By Graeme Smith
The creepy crawlies are coming out to play.
The first thing you encounter in the Glen Morris Theatre is a bookshelf of computer manuals and science texts. The usher encourages browsing or taking a book with you into the theatre. But something’s not quite right — inside each book, pictures and words from insect texts are pasted underneath headings about computers.
That sets the mood for The Insect Play. You’ll feel even stranger once you enter the theatre. The stage is a giant circuit board with a wall of televisions dominating one end of the set. As you search for a seat, you’re haunted by unearthly creatures — actors in gothic makeup with spectacularly bad hair move like ghosts among the seats.
The play itself is a wild, surreal hallucination where humans play insect characters with disturbingly human qualities. The dung beetles are capitalists, building their precious ball of shit. The ants are bureaucratic drones, trapped into rigid organization.
One scene has the innocent but voracious Baby Larva (Nicole Fougere) devouring a pregnant Mrs. Cricket (Kristiana Painting). The moment, like others in the play, is amplified electronically — an offstage camera zooms in on the actors’ expressions and magnifies them through the multi-screened wall of televisions. It not only heightens the action onstage, but also gives the impression that the show is being watched through a giant compound eye.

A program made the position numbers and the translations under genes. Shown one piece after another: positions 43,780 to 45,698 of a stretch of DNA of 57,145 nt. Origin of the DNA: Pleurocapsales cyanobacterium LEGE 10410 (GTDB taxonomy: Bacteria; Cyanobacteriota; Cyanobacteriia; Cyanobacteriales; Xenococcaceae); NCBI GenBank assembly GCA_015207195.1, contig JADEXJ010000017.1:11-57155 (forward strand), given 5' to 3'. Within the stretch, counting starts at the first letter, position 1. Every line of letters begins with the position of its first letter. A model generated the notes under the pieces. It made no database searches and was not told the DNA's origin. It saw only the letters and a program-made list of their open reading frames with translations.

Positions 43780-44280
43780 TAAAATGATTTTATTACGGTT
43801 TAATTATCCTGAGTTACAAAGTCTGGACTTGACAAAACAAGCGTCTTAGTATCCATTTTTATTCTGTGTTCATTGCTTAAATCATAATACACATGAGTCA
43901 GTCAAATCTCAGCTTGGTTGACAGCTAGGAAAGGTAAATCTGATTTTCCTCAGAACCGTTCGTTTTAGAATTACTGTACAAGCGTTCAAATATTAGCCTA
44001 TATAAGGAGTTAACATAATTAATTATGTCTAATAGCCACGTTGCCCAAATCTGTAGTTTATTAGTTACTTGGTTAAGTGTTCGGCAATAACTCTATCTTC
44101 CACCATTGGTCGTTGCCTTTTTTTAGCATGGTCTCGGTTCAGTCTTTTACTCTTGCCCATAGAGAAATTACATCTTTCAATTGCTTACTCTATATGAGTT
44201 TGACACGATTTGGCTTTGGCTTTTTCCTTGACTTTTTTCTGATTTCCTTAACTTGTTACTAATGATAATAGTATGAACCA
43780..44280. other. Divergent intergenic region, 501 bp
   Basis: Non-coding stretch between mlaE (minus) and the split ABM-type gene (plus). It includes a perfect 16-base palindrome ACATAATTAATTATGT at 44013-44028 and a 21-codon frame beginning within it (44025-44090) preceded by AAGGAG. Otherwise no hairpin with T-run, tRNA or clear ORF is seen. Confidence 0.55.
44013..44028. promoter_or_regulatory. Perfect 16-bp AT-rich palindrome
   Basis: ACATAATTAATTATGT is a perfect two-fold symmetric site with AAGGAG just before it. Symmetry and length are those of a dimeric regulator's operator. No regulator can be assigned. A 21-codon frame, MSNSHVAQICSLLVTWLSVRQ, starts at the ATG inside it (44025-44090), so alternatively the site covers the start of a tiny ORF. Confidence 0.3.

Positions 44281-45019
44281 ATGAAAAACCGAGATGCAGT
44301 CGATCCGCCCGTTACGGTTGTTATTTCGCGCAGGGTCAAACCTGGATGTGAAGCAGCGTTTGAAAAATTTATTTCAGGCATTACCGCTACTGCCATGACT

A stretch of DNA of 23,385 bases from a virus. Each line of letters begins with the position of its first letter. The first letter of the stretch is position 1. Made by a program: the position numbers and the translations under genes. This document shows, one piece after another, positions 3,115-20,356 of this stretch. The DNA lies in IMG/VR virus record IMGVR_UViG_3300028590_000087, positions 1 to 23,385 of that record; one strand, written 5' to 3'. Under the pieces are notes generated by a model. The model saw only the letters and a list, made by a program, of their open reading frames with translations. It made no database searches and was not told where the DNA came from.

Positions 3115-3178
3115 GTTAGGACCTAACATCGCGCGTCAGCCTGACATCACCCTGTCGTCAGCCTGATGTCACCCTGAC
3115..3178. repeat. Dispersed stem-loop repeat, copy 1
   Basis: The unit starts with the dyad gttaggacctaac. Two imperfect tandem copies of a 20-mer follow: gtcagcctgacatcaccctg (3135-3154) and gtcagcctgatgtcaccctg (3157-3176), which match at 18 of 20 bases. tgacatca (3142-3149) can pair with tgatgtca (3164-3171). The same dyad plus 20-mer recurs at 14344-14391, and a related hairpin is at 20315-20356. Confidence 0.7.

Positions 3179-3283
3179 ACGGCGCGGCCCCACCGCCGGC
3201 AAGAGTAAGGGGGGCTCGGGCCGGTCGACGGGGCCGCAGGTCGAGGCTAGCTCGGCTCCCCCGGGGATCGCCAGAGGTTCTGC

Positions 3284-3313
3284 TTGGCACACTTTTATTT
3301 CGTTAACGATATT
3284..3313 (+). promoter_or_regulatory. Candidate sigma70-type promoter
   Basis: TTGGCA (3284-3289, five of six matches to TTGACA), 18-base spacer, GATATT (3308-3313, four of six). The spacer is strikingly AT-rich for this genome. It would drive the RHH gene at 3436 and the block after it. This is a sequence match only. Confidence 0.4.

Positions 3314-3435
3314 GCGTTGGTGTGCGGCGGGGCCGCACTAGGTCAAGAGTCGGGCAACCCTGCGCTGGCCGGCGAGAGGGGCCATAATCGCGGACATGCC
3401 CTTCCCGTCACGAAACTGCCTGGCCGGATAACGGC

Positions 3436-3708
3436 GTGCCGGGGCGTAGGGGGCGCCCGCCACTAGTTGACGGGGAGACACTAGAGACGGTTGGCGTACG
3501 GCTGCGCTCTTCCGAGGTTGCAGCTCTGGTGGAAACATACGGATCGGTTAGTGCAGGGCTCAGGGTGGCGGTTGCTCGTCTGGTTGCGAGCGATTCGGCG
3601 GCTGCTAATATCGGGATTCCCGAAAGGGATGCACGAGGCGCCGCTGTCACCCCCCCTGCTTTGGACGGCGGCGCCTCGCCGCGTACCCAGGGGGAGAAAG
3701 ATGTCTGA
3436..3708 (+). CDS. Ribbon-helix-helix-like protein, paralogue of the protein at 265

The effect of the play is at once haunting, intriguing and thought-provoking. While it tackles serious themes — cruelty, limits to caring, technology — it still manages to draw out a few laughs. I laughed at the dung beetle fussing over her ball of shit, reminiscent of some hotshot fussing over their precious Mercedes.
The play is an adaptation of a script by Josef and Karel Capek, Czechoslovakian brothers who became famous in the 1920s for their play R.U.R, which popularized the term “robot.” The Insect Play is based on a cynical social satire from the same period, From the Lives of Insects.